The Plateau Mont-Royal is full of bars, restaurants, and music venues and is in some ways the cultural and artistic hub of Montreal. I would like to help keep it that way. I recently attended a show at Les Bobards (corner St-Laurent and Marie-Anne) and it was unfortunately cut short when the police arrived at 11:50pm to respond to a noise complaint. The music was stopped and the bar was fined. Les Bobards, and many other music venues, have been around for years and years and have live music every night of the week. This is no secret and people moving to the neighbourhood know this.

In order to maintain the rich nightlife of the Plateau, and maintain its status as the cultural hub of Montreal, show venues such as Les Bobards must be allowed to have live music. Noise complaints cannot immediately result in a fine when, first of all, the music is kept at a reasonable volume and when, secondly, it is the case of a known music venue that has been in existence for a long period of time.

The Plateau is fun and full of life! I moved here to enjoy what is has to offer! If venues continue to receive fines for spurious noise complaints they will close, and this neighbourhood will lose the charm it once had. Please don’t let this happen.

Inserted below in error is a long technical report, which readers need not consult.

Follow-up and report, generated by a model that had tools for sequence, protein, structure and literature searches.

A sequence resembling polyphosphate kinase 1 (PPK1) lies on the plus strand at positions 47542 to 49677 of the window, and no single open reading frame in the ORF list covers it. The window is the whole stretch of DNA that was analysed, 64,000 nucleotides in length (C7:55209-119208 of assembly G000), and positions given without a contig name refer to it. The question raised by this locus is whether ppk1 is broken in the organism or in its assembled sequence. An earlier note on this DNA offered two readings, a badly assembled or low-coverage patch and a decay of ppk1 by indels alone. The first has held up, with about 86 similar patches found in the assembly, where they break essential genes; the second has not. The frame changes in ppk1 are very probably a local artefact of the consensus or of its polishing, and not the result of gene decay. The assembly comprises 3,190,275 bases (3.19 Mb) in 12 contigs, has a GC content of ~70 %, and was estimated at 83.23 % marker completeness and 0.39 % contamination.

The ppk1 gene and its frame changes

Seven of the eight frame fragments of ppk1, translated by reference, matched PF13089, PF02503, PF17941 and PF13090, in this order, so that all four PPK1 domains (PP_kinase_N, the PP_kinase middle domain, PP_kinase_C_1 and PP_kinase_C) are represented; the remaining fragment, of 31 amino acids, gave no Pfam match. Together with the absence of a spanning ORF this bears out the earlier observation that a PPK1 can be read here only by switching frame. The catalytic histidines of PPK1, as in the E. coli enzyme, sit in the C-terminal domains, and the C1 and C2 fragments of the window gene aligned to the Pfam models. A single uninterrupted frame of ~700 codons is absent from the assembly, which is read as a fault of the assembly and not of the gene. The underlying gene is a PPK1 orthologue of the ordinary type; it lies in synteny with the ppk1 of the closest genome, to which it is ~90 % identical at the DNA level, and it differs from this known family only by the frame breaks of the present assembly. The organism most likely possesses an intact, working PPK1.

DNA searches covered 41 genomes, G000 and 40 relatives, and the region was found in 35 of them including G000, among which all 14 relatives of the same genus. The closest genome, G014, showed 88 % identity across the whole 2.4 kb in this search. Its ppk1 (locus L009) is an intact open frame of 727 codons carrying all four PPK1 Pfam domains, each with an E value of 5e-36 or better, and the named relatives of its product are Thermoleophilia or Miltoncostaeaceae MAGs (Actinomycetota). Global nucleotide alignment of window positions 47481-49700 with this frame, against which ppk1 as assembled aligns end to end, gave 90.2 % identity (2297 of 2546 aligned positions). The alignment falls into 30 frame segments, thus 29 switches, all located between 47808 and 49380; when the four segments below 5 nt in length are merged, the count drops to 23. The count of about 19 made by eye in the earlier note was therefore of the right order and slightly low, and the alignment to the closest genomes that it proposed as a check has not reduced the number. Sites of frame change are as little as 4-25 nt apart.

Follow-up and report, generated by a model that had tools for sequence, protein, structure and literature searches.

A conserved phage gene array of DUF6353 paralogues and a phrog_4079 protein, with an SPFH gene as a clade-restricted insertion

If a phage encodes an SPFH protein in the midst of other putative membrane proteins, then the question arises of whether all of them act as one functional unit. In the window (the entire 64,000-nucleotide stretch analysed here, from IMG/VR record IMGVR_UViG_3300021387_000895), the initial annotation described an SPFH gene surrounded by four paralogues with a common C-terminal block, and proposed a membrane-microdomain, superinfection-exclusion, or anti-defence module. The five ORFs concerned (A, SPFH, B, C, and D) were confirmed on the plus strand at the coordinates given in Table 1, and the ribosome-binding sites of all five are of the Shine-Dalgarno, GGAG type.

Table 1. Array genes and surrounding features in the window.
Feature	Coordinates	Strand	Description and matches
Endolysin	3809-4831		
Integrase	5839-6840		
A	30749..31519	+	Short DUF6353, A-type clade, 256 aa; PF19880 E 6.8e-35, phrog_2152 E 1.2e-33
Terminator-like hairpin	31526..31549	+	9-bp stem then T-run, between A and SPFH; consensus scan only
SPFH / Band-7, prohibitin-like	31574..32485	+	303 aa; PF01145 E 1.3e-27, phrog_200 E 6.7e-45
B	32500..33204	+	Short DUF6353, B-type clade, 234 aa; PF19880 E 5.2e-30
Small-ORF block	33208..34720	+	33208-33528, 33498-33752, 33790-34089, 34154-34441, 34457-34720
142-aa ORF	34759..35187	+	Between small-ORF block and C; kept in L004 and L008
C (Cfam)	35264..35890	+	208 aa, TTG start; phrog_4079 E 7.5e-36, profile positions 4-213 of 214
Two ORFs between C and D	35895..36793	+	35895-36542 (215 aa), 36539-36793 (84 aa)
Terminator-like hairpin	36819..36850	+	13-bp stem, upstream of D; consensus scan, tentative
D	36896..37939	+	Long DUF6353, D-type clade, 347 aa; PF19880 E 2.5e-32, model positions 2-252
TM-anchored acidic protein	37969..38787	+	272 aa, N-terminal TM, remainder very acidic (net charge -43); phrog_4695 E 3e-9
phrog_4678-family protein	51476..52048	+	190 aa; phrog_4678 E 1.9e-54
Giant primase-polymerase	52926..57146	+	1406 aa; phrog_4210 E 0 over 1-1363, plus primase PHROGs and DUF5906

A concerned Plateau resident.

2 thoughts on “Save The Plateau from politicians and cops who are trying to shut down all of the clubs and concert venues.

  • Arthur Wasserman

    If a bar or showbar has the required permits bought and paid for then it is grossly unfair for city officials to fine them for that which they have already recieved permission to do so legally.Most of these bars in question have aquired rights after years of being in operation.This is not a question of a city councellors preference for what type of community thet prefer.This is a question of law.It is time the city officials in question start showing their law abiding, taxpaying constituants some proper respect and lighten up.Music is a beautiful thing MAN!!!

  • caroline misserey

    J’habite sur le plateau pour son coté unique et vivant et je sors tous les week end écouter des concerts live dans les bars. Les touristes viennent sur le Plateau pour tous ces artistes qui se produisent…Je serai profondément dégoutée et insultée si vous empêchiez ces moments magiques que nous vivons en écoutant la musique live.